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Old March 27 2011, 11:39 PM   #16
Christopher
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Re: Spider-man books

Greg Cox wrote: View Post
And it's not like the novels are all that tied into whatever the current continuity of the comics is.
Well, it depends. My X-Men novel was set in an approximation of the continuity as it stood c. 2000, but with a couple of deliberate inconsistencies (such as Cyclops still being alive at a point when he was temporarily dead in the comics) and some elements more reflective of the later Grant Morrison run and the movies (Xavier's school having a large number of students). My priority was to get to use the characters I wanted, and I only picked that period because it was the best time for having (approximately) that particular team composition. So it wasn't solidly tied to any part of the comics continuity. However, all three Pocket Spidey novels that I'm aware of -- mine, Keith's, and Jim Butcher's -- were all pretty closely integrated into the then-current J. Michael Straczynski continuity on Amazing Spider-Man, and all at pretty much the same point within that continuity, just after Mary Jane began her theater career and just before Spidey joined the Avengers. (And I incorporated elements from what Paul Jenkins was doing over in The Spectacular Spider-Man at the same time.) Indeed, Jim's book was a direct sequel to JMS's first storyline in Amazing. And mine was loosely a sequel to a 2001 Paul Jenkins story in Peter Parker: Spider-Man.

Although I should add I deliberately chose to keep my book at a point in the continuity a year or two before what was coming out while I was writing, before Spidey's Avengers membership and all the rapid continuity changes that followed (like the brief flirtation with organic webbing, the Civil War stuff, etc. So I was trying to balance keeping it "timeless" and keeping it integrated with the continuity. I suspect Keith and Jim were striving for a similar balance, since we all independently chose the same narrow window for our books.
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Old March 27 2011, 11:59 PM   #17
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Re: Spider-man books

Whereas I was keeping one eye quite deliberately on the movie audience. Although my book was technically set in the continuity of the comics, not the films, I very much wanted the book to be accessible to readers who might have only seen the FF movies or cartoons . . . .
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Old March 28 2011, 12:03 AM   #18
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Re: Spider-man books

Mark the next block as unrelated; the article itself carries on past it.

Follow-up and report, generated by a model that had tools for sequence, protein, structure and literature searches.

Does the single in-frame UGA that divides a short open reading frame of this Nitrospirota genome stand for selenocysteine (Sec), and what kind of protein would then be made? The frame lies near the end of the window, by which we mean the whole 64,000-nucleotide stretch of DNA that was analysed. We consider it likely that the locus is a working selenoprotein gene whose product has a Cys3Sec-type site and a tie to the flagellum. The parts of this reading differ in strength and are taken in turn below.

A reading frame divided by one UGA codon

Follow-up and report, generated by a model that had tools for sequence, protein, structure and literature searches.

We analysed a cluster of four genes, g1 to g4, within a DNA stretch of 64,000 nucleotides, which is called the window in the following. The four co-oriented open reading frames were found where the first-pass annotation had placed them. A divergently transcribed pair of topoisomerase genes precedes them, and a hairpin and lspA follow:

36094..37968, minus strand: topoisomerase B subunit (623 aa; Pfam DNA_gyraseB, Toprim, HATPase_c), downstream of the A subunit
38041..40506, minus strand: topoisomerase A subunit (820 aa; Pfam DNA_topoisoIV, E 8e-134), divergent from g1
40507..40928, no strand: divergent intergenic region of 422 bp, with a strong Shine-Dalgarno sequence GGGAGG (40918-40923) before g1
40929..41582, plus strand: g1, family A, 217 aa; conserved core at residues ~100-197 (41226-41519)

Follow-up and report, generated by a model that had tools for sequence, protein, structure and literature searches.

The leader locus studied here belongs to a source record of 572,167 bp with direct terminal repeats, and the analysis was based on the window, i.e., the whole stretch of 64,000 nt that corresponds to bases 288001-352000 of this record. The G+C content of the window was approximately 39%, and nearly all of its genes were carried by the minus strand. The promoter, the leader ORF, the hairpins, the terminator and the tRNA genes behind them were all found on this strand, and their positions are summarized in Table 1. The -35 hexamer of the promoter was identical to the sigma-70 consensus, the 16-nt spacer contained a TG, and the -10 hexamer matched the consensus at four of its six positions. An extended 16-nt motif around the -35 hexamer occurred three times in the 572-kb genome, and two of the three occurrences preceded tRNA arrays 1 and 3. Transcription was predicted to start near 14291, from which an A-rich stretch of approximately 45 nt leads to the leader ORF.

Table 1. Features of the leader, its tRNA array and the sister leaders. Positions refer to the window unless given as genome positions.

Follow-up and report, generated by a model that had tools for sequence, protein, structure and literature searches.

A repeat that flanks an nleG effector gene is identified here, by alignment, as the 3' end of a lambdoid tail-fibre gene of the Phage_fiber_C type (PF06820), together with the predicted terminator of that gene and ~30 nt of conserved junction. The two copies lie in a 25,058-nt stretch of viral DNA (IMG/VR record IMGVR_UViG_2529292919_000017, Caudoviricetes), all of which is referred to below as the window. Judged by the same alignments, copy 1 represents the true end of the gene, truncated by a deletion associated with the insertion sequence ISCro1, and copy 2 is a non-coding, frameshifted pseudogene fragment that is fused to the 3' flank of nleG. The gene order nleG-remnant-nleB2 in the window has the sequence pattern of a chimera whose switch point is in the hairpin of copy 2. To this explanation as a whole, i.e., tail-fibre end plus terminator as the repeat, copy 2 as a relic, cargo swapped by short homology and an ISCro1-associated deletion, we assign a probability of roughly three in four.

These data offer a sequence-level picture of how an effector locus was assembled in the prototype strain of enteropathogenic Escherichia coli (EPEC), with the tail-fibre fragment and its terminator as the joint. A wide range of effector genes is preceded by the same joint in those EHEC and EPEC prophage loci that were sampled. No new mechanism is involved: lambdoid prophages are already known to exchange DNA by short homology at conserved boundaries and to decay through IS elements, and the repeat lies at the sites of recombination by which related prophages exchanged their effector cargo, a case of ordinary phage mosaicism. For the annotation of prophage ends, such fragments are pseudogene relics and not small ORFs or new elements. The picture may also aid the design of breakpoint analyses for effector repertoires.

Yeah, that was the brief I got, and that I assume we all got. Marco told me to approach it like a movie, to tell a standalone story that wasn't dependent on continuity and could play fast and loose with it. Still, I tried to do that while still being as consistent with the comics continuity as I could, and evidently I wasn't the only one. Kinda the same way we'd approach a standalone Trek novel: not dependent on continuity that may be unfamiliar to the audience, but not contradicting anything in the canon. (Although in this case, we were allowed to contradict specific bits of continuity so long as we were true to the fundamentals of the characters.)
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Old March 28 2011, 03:33 AM   #19
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Re: Spider-man books

Have any of you guys read Allies & Enemies (the Batman/Superman novel) or The Last Days of Krypton? I have both in my Nook wishlist, and I really enjoyed the samples I read, but I was just curious what someone who'd read both thought.
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Old March 28 2011, 04:36 AM   #20
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Re: Spider-man books

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Have any of you guys read Allies & Enemies (the Batman/Superman novel) or The Last Days of Krypton? I have both in my Nook wishlist, and I really enjoyed the samples I read, but I was just curious what someone who'd read both thought.
I enjoyed them both. Batman: No Man's Land and Batman: Knightfall are also good.
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Old March 28 2011, 07:34 AM   #21
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Re: Spider-man books

Enemies and Allies is excellent. My favorite thing from Kevin J. Anderson and since I don't like his work much that's saying a lot. The Last Days of Krypton is bad, but some have liked it here.
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Old March 31 2011, 08:17 AM   #22
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Re: Spider-man books

Really need to track some of these down sometime... got a bit harder when my local Borders shut down (grumble).
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Old March 31 2011, 09:26 PM   #23
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Re: Spider-man books

Admiral_Young wrote: View Post
Enemies and Allies is excellent. My favorite thing from Kevin J. Anderson and since I don't like his work much that's saying a lot. The Last Days of Krypton is bad, but some have liked it here.
What characters other than Batman, Superman, and Lex Luthor are in it?
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Old March 31 2011, 09:41 PM   #24
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Re: Spider-man books

JD wrote: View Post
Admiral_Young wrote: View Post